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In the first part in a legal series on cryptocurrencies, Angharad Hughes and Will Glover, barristers at 3 Temple Gardens, begin their series of articles in the developing area of cryptocurrency regulation by providing an introduction to cryptocurrency and the crypto sector, the current approach in England and Wales and regulation under the Fifth Money Laundering Directive (MLD5).
Currencies are inherently built on trust, and cryptocurrencies are no different. It is investors’ belief in the integrity of the background infrastructure, or blockchain, that underpins the success of cryptocurrencies. The blockchain is a continuously growing list of transactions, (the blocks) made by using the cryptocurrency. These blocks are essentially chronological ledgers of crypto transactions which can be searched and used to trace the history of all transactions, but not necessarily the underlying beneficial ownership. Unlike cash therefore, the blockchain has the potential to make it easier to ‘follow the money’ when it comes to investigations.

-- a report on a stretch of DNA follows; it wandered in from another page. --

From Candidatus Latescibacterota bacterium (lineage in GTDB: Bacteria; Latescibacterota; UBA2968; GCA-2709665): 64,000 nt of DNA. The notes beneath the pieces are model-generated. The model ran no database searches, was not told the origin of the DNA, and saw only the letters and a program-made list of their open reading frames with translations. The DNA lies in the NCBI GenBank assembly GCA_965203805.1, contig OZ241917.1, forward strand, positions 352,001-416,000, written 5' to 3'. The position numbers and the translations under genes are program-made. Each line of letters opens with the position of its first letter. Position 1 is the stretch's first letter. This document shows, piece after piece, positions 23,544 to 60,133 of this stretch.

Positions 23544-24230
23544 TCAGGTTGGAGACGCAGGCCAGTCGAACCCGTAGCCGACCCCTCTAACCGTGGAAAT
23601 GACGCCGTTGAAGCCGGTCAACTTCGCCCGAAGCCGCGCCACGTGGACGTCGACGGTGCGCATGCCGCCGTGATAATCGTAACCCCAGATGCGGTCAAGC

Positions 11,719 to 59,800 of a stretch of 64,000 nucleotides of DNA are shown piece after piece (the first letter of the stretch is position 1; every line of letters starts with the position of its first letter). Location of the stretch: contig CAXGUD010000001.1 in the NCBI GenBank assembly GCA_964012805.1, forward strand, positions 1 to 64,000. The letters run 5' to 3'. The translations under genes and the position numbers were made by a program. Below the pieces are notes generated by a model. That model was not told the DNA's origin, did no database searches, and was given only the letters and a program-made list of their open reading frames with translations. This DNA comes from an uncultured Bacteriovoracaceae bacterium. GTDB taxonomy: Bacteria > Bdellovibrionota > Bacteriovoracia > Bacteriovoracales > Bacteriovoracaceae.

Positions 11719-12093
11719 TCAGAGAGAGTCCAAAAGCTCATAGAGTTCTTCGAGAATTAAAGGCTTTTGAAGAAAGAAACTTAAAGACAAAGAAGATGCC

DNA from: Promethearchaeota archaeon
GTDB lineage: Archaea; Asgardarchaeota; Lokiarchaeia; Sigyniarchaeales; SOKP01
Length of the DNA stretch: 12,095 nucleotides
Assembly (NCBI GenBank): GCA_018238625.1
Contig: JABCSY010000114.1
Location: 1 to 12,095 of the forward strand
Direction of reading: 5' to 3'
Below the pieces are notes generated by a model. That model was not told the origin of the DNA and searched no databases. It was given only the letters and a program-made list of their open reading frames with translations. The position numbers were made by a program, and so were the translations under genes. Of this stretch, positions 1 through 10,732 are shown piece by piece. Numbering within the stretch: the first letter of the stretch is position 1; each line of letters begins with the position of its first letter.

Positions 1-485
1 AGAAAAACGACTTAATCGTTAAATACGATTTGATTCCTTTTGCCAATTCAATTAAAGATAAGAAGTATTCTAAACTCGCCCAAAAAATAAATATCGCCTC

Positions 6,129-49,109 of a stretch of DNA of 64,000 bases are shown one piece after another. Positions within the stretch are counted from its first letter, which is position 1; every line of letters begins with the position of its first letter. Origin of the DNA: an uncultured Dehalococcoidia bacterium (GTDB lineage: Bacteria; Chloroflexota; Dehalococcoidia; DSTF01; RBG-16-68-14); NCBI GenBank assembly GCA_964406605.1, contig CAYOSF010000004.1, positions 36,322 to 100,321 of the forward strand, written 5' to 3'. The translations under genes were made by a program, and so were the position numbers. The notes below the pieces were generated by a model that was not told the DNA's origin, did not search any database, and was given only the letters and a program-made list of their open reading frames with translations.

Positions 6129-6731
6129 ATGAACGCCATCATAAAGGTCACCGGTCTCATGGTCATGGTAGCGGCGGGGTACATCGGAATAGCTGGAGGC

It is ironic that despite their potential to guard against it, cryptocurrencies are an attractive vehicle for fraudulent activity and the disposal of criminal assets. The biggest attraction of cryptocurrency, for those involved in criminal activity, is its potential anonymity. Taking Bitcoin as an example, whilst Bitcoin transactions are traceable, the transaction record does not store information which would reveal the identity of the individual receiving, spending or otherwise dealing with the coins. This makes cryptocurrency appealing to those who want to move around large sums of money without the usual transparency and for those wanting to make illegal purchases on the Dark Web.